Grenada’s main opposition National Democratic Congress (NDC) on Monday called for a postponement of the November 6 referendum on whether or not it should replace the London-based Privy Council with the Trinidad-based Caribbean Court of Justice (CCJ) as the island’s final court.
Grenadians will vote two years after they voted against replacing the Privy Council with the CCJ by a 12,434 – 9,492 margin in a similar referendum that had six other bills.
NDC acting political leader, Joseph Andall, told a news conference that there was a need for electoral reform as well as to deal with discrepancies in the current CCJ bill.
He said his party, which failed to win a single seat in the last two general elections, would not continue to support the referendum if the government does not suspend the current campaign.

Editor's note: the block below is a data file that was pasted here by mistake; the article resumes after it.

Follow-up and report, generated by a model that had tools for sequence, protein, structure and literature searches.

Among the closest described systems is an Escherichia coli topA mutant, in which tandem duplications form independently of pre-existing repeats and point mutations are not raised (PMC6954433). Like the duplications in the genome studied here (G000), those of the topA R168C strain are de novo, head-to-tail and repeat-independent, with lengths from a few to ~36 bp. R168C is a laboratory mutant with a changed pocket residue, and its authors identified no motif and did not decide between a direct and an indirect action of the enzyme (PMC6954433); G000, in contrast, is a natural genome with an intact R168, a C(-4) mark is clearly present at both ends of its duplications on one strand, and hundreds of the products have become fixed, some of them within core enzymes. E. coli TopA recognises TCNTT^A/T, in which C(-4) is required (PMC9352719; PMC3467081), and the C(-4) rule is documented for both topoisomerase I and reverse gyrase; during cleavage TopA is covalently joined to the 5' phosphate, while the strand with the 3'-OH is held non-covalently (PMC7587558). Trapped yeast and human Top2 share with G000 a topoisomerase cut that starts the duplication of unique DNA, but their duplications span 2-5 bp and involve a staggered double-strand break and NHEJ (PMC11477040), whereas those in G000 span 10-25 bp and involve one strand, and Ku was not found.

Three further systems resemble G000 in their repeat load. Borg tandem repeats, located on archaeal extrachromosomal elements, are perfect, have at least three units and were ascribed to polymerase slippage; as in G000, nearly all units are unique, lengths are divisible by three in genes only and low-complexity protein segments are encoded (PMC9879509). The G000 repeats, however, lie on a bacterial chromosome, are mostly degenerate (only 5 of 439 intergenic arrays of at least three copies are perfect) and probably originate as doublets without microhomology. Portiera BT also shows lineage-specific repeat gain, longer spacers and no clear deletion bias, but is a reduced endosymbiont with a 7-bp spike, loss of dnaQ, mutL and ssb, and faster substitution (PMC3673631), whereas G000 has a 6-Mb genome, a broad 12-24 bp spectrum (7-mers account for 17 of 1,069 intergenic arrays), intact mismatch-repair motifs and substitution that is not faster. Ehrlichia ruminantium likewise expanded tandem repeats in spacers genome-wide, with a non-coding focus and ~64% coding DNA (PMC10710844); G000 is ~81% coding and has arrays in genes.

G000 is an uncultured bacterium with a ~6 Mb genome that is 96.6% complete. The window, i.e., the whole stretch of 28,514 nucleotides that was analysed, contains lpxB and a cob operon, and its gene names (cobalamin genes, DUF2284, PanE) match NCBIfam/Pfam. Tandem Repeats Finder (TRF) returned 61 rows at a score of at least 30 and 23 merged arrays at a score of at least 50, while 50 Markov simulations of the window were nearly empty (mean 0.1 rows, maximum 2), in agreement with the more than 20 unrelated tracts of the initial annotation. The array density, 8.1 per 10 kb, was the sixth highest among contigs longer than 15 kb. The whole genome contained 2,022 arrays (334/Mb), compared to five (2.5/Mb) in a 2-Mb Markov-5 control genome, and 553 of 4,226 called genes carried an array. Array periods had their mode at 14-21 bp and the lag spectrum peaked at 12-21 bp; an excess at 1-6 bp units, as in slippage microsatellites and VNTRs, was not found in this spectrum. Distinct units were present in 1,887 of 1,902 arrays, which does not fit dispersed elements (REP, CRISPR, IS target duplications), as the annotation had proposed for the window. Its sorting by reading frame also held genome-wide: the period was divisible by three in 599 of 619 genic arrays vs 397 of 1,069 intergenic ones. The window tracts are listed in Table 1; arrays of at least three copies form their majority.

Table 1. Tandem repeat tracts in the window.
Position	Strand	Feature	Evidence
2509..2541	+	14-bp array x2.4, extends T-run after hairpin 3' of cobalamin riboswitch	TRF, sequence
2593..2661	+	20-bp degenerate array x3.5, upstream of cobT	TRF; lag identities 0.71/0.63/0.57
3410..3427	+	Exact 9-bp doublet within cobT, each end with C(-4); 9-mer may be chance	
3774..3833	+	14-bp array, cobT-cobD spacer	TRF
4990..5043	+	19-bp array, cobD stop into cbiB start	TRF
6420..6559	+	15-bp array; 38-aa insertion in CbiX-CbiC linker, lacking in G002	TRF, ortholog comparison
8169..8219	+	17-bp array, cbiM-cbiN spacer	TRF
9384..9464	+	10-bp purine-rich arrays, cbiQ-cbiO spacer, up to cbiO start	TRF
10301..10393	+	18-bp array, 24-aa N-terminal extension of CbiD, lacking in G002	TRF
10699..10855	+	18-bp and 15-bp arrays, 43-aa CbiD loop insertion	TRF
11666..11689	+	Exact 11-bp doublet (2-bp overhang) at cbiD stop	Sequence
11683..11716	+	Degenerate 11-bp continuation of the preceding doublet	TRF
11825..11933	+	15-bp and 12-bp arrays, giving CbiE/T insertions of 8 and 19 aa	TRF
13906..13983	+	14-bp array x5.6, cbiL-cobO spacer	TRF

The Grenada Constitution does not now provide for the Privy Council to be the final court on election petitions and the Trade Union Council’s (TUC) through its representative in the Parliament, has called for that provision to be removed so that elections petition can be heard by the CCJ.
At a recent public meeting, where this matter was raised, attorney Ruggles Ferguson, who is also a member of the CCJ Advisory Committee, explained that the November 6 referendum is not removing any right to go to a final court for any matter.
But Andall told reporters “several legal minds have pointed out specific errors and flaws in the bill that should be rectified before the people of Grenada are ask to vote on it.